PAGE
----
Ongoing projects open a new era at the Community Medical Center.
What does the Community Medical Center (CMC) transformation look like? On April 29, it took the form of the Spring Gala, where CMC celebrated the accomplishments and contributions of two prominent supporters who have guided the hospital into a brighter future.
But the gala was only part of a larger, longer-term effort to usher the hospital into a new era in its 60-year history. The gala supports the Campaign to Transform the MCC, which is funding the hospital’s multimillion-dollar facilities master plan by creating critical infrastructure and program changes that will improve the patient experience and help ensure delivery of the highest quality care throughout the community.
“This strategic move will not only transform CMC’s physical plant and facilities, but will also attract top physicians and other healthcare professionals,” said Patrick Ahearn, CEO of Community Medical Center. “Patients in our region are increasingly finding that the medical services and expertise they need are right here in their own community at the MCC. »
The Facilities Master Plan and Supporting Transformation Campaign began in 2019 and is expected to roll out over 7-10 years with support from RWJBarnabas Health and community contributions from private donors. A number of major milestones have already been achieved. Key elements of the ambitious project include:
- A world-class medical training program: In 2021, the CMC became an academic medical center, welcoming its first residents, physicians who graduated from medical school and are now developing more specialized knowledge and experience in various disciplines. The program benefits from a partnership with Rutgers Robert Wood Johnson Medical School and brings to the CMC both new medical professionals and seasoned physicians and specialists.
- Renovation of the emergency department: CMC is renovating the Hirair and Anna Hovnanian (ED) Emergency Pavilion to ensure emergency patients receive prompt and exceptional care. Highlights include a triage area for walk-in patients and paramedics; radiology services such as CT scans directly in the emergency department; spaces dedicated to specialized care such as behavioral health; and design features that make the space more calming, efficient and practical.
- A new building that will become the face of the hospital: Plans are underway to build a 300,000 square foot main hospital building that will include new operating rooms, inpatient beds and outpatient departments.
- Primary care centers: CMC will continue to create new ambulatory care facilities, such as the recently opened women’s laboratory and imaging center at Barnegat, which go beyond the walls of the hospital and provide access to health services throughout the community.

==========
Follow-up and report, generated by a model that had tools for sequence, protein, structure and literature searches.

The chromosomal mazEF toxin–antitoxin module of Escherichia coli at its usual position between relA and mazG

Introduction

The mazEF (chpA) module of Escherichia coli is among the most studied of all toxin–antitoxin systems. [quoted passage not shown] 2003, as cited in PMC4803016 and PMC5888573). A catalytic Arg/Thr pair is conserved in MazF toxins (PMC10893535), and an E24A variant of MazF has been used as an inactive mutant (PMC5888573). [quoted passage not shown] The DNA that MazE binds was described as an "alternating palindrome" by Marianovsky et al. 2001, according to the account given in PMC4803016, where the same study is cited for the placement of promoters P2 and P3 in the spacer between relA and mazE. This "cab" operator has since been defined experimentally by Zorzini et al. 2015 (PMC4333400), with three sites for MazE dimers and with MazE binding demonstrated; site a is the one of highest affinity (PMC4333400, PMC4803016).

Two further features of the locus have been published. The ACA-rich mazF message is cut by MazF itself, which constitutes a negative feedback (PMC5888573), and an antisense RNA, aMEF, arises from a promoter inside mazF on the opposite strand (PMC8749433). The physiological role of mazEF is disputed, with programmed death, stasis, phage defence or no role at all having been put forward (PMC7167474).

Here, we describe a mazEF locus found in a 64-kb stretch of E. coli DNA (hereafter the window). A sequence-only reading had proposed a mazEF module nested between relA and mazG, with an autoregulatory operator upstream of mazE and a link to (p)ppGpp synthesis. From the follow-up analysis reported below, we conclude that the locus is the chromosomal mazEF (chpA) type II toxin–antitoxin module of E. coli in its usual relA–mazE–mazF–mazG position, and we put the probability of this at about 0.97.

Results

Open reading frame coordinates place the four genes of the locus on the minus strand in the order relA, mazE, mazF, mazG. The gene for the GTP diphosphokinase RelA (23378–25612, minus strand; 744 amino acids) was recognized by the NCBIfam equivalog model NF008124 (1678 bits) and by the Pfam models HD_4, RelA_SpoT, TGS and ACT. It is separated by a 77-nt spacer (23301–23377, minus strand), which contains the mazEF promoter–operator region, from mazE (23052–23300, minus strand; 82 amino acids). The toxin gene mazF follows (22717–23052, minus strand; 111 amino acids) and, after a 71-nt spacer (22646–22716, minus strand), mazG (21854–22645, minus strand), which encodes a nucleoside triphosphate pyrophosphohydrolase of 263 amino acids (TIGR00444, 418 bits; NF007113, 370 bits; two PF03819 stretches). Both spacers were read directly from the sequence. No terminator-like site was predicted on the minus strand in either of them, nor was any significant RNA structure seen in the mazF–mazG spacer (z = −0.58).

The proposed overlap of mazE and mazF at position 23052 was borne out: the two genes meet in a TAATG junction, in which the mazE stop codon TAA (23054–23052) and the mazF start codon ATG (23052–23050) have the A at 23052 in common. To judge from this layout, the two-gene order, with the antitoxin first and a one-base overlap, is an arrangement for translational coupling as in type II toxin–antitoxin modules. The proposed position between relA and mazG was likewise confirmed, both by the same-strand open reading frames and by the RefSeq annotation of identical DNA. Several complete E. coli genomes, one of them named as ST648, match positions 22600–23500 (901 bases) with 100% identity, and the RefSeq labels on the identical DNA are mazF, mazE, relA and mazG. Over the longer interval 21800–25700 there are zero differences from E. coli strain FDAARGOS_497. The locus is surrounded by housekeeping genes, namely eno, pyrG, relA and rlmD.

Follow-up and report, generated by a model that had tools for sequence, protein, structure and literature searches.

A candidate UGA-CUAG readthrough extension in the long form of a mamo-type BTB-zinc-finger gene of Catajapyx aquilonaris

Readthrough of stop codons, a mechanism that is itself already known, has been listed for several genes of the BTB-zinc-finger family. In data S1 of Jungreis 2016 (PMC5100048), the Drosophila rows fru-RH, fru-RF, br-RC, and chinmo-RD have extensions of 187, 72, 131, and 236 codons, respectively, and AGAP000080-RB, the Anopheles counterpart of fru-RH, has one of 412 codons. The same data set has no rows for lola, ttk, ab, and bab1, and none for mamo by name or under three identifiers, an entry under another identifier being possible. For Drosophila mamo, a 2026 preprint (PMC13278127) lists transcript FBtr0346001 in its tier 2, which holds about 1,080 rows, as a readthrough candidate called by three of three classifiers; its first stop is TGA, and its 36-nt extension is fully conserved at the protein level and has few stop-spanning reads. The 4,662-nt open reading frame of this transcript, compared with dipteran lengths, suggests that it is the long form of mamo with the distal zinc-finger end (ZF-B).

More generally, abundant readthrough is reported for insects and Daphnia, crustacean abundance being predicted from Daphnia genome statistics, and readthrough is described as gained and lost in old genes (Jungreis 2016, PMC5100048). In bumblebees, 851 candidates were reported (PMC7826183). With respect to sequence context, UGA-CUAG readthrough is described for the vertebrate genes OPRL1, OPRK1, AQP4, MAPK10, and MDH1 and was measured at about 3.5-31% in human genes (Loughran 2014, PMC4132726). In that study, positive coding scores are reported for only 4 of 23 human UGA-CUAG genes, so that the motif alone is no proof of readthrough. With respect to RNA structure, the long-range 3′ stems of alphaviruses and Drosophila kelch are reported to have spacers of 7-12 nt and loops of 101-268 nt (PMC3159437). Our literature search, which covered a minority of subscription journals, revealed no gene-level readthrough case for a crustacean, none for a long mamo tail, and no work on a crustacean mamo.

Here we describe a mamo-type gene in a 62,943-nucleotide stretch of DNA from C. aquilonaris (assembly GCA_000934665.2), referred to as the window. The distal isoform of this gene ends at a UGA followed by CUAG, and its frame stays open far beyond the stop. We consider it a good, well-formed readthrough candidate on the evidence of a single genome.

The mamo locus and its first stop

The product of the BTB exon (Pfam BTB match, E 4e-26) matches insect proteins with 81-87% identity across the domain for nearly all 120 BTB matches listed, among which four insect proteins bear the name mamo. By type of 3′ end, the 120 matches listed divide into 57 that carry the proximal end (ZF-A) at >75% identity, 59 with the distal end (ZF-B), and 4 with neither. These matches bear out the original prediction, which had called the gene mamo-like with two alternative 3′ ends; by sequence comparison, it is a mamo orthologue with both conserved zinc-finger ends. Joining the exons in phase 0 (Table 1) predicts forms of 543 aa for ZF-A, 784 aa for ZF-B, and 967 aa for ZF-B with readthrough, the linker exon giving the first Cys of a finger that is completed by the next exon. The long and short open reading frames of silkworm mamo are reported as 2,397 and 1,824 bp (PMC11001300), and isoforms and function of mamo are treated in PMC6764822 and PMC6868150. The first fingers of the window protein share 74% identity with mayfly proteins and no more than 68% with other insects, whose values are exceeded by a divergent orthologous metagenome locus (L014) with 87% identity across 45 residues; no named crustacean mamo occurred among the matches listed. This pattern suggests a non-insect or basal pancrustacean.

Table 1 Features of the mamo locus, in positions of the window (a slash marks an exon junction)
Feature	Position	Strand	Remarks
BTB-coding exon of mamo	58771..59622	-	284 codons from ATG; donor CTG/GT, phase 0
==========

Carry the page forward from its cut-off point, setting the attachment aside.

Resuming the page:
A blueprint for improved facilities: Major improvements planned for the CMC campus include a new central utility plant and a new 600-space parking garage.
One of the highlights of the Community Medical Center (CMC) Spring Gala held April 29 at the Ocean Club in Seaside Heights was the presentation of awards to two key hospital leaders and supporters. With exclusive sponsorship from the Grunin Foundation, the event raised over $140,000.
“These honorees are not only beloved local citizens, but also recognize that a strong hospital is essential to a strong and healthy community,” said Jennifer Shufran, vice president, Community Medical Center Foundation. “Their contributions are helping to transform CMC from a small local hospital into a world-class medical institution providing top-notch healthcare throughout our region.”
The winners were:
Francis Kelly, MD
Dr. Kelly began his tenure at the CMC in 1981 and is an integral part of the hospital’s medical staff. A graduate of Hunter University in 1966 and the University of Rome Medical School in 1976, he began his career at Jersey City Medical Center as a surgical resident and later joined private practice in Toms River. From 2010 to 2019, he practiced at Atlantic Shore Surgical Associates.
He has held important positions at the CMC, including Chief and Vice Chief of Surgery. In 2019, he left his practice and served as Vice President of Special Projects. Dr. Kelly has played a vital role in projects such as the transformation of the Step-Down Intensive Care Unit; increase Leapfrog security ratings; improve the cardiac program; and organize the hospital’s response to the COVID-19 pandemic.
Dr. Kelly and his wife, Marlene, have four children and four grandchildren.
Scott Beck, DC, DICCP
A longtime resident of Toms River before moving to Barnegat last year, Dr Beck has deep roots in the local community and has a long history of working to make it a better place to live and raise a family. As a teenager, he protected bathers as a lifeguard and volunteered with the Pleasant Plains First Aid Squad, later becoming a paramedic. While in college, he pursued a career in healthcare. For 17 years, he served the community as a chiropractor specializing in pediatric and family care, and built the Beck Wellness Center into a premier local health and wellness facility.
Dr. Beck is Co-Chair of CMC’s Emerging Leaders Council. He also chairs the Barnegat Township School District Community Advisory Committee and has supported the Ocean County Library Foundation, Ocean County YMCA and other local charities and organizations.
Dr. Beck and his wife, Kathleen, have two children.
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